|| A request
||Jul. 28th, 2006 10:58 pm|
Geek thoughts on Tor, please?
P2P anonymous proxy. Note, I do not mean that it can be used for P2P - in fact, they strongly discourage using it for that, as the bandwidth is provided voluntarily by other Tor users.
I think it has its uses for those who believe in privacy. There is another major project which goes along the other major line of thinking in this area: I2P
What do you want to know?
I have to admit the theory of lack of accountability leading to greater abuse is a theory I subscribe to as well, but I do believe it is down to the abused to tighten up their policies and require people to identify themselves. Pseudo-anonymity would do for this, as long as it was difficult enough to acquire additional identities - perhaps through a referral system where only those who had already been active both in terms of time and activity were able to refer a limited number of people - much like LiveJournal's original system.
Yes - you want to be in a position to say "I have reason to trust this person even though I know nothing else about them". You want the outputs of the trust metric even though the inputs are hidden.
You could put together TrustFlow and the architecture behind RPOW
to achieve something like that.
"Hello Carol, hello Dave, I'm trying to get Tom to anonymously trust me. You've given me certificates that you trust me - could you give me certificates that Tom indirectly trusts you?"
"Hello Trent, here's Carol and Dave's certificates that they trust me and that Tom indirectly trusts them - could you give me a certificate that Tom indirectly trusts this key?"
(in disguise) "Hello Tom, you don't know me but here's a certificate signed by Trent to say you trust me..."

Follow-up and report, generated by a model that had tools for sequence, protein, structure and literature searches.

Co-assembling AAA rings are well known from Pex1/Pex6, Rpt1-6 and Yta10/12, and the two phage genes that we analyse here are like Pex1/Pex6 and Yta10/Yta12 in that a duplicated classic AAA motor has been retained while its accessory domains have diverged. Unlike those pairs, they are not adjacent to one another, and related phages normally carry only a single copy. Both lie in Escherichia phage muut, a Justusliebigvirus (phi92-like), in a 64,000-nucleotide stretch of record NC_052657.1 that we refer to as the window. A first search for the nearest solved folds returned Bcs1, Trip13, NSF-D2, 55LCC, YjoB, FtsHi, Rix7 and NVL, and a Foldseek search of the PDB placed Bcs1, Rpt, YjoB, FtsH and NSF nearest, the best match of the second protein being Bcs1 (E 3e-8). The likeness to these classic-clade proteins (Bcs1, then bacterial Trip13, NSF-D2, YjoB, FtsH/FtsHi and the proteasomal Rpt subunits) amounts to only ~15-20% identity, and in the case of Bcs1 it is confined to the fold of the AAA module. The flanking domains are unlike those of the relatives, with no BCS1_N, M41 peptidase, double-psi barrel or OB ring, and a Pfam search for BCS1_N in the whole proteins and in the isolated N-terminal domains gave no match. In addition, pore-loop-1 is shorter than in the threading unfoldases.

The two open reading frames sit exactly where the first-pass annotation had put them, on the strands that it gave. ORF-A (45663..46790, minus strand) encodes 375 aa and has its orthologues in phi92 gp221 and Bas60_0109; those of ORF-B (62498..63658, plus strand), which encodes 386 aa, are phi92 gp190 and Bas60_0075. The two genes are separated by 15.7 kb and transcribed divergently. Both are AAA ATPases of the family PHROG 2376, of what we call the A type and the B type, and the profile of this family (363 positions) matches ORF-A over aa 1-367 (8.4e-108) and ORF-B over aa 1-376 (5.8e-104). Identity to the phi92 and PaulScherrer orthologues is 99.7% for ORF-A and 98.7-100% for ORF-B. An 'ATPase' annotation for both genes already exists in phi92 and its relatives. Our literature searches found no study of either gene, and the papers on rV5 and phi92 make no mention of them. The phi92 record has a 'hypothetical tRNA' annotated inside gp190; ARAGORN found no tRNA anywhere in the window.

That still has abuse potential as it stands, but it's a direction with potential.
Wikipedia excludes Tor assiduously because overwhelmingly it's used for vandalism and sockpuppetry. Even Freenode has kicked Tor off. The Tor founder greeted Jimmy Wales with "Oh, you're Jimmy Wales. Why do you hate freedom?" which says everything you need to know about how well Tor plays with others. Yeah, we hate freedom, now fuck off.
That pretty much tells me all I need to know about it, thanks.
Its use on the Chinese Wikipedia is encouraged as it nicely gets past the Great Firewall of China. We now have a facility to block an IP from anonymous users but allow logged-in users to edit, but I'm not sure if Tor proxies are allowed at present. I've been actively avoiding English Wikipedia admin work and concentrating on either article writing or Foundation stuff.
Freenode hasn't kicked Tor off. We've recently changed the way endpoints are cloaked because we're planning to allow other anonymising agents access as well, but Tor is still very much encouraged as an anonymising agent for access to the Freenode IRC network, and is the only one currently approved afaik.
Forgot to say, Tor users feature in abuse complaints (at IRCop level) on Freenode a LOT less than I was expecting... maybe once every week or two.
O rly? I understood otherwise as it was being seriously abused by GNAA to fuck shit up. Cool.
Yeah, GNAA have managed to get Tor a few network-wide temporary bans, but they seem to have fairly short attention spans, so the bans don't generally have to be that long.
That's not entirely true: you can reach freenode through a hidden service. Although I'm not quite sure what they want to accomplish through that (maybe just make it a bit more difficult for non-determined abusers?)